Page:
8

Before (unfortunately). The trigger is [being] subjected to an effect that allows you to make a Dexterity saving throw to take only half damage And that is when the decision must be made: when the effect is hitting you. If the decision time was after rolling the save, the trigger would be "after making the roll" or similar. But it says "if you ...


8

After: You choose to use the feat after successfully saving Here is the order of events as per the rule you quote: 1) You find yourself in a fireball's area of effect. 2) You get to roll your Dexterity saving throw.* 3) "If you succeed" on this saving throw you "can" use your reaction to get the feat's benefit. [The "bold quotes" here are straight from ...


7

From page 203 of the 5e PHB Casting some spells requires particular objects, specified in parentheses in the component entry. A character can use a component pouch or a spellcasting focus (found in chapter 5) in place of the components specified for a spell. In regards to the Divine Focus the 5e designers stated here A divine focus can be ...


7

Yes. You can use a light shield with a Metamagic Rod For any shield aside from a buckler, which is strapped to your arm, you must have a hand to hold it. However, You would be able to use that hand to hold an item, per the ruling for light steel shields and wood shields: From http://www.d20pfsrd.com/equipment---final/armor/shield-light-wooden-or-steel ...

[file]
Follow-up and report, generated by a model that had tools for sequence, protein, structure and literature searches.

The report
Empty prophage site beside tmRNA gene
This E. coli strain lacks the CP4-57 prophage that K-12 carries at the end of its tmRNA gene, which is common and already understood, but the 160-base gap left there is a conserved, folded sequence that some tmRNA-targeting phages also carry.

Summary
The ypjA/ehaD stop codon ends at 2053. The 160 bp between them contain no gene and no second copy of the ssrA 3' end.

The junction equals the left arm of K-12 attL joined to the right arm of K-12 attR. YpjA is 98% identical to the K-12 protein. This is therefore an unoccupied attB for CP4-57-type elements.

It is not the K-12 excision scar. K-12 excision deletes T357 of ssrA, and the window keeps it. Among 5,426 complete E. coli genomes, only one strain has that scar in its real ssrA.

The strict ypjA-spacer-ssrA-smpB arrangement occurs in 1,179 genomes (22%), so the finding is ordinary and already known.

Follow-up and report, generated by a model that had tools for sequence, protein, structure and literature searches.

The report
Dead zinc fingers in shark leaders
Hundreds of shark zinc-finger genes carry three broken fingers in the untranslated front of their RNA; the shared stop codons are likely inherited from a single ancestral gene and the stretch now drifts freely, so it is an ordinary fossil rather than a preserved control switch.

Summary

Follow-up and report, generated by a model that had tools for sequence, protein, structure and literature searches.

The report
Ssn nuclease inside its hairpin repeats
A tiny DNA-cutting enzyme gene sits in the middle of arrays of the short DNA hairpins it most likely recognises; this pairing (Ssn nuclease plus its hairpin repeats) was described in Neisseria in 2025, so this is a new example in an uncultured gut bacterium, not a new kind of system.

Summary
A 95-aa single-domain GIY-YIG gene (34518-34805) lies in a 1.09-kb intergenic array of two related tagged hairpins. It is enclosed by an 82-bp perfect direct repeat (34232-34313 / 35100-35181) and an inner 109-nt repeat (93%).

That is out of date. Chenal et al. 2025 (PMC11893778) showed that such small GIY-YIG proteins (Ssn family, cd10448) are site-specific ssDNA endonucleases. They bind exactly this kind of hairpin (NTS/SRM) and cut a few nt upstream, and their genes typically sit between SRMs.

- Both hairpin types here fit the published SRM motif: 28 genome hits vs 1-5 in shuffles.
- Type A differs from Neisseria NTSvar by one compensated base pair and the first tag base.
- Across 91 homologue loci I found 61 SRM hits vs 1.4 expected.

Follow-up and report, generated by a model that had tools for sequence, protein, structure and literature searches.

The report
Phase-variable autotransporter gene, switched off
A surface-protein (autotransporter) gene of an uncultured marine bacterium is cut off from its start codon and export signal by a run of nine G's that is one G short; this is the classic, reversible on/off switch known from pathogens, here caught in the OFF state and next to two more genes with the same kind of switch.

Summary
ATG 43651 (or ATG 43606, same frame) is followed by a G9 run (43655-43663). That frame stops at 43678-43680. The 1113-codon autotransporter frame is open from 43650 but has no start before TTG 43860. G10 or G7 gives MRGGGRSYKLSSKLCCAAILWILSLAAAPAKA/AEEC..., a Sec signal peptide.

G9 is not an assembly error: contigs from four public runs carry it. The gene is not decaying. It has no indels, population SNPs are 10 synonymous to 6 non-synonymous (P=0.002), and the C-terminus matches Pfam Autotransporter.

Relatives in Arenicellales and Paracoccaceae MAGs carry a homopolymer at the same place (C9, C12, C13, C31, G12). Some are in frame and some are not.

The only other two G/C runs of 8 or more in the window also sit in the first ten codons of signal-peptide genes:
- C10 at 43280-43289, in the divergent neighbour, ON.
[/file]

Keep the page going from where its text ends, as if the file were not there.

7

The short answer is the penalties stack. Source: page 275 of the player's handbook states: Penalties: Unlike bonuses, penalties don’t have types. Penalties add together, unless they’re from the same power. If two monsters attack you with the same power and each causes you to take a penalty to a particular roll or score, you don’t add the penalties ...


7

Every historical manuscript we have today on medieval sword fighting techniques describes and depicts the shield being used in the left hand, which is the off hand for 70–90% of the modern population (which is reasonably extrapolated to historical populations). As Alex P notes in a comment, the sword is actually a tool of finesse and control, not a blunt ...


6

No, with one exception. In general, shields are not weapons. Note that in PHB1, shields are listed with armor on page 214, rather than with weapons on pages 218 to 219. The Master at Arms feat only allows you to quick draw weapons, and shields are not weapons... ...Unless it's a spiked shield, which counts as both a light shield and a weapon. Sure it ...


6

Yes, it takes up that hand's weapon slot (because it already did). Basically, you can either have an enchanted shield or an enchanted arm slot item. You can also have a weapon in each hand. You can't wield another item in that hand (you can hold an item, but not wield it). Thus you can't otherwise wield a magic weapon in that hand so you've got that. The ...


5

This is adjunct to Wax Eagle answer. Historically Shield Bashing was used part of the whole package of skills learned when using a sword and shield. This included maneuvers what we could consider to be a type of grappling along with full body contact. What they amounted to in an abstract was to get the opponent prone or out of position so you had an ...


5

This is explained on page 203 of the PHB under the Components section: Somatic (S) Spellcasting gestures might include a forceful gesticulation or an intricate set of gestures. If a spell requires a somatic component, the caster must have free use of at least one hand to perform these gestures. Material (M) A spellcaster must have a hand free to ...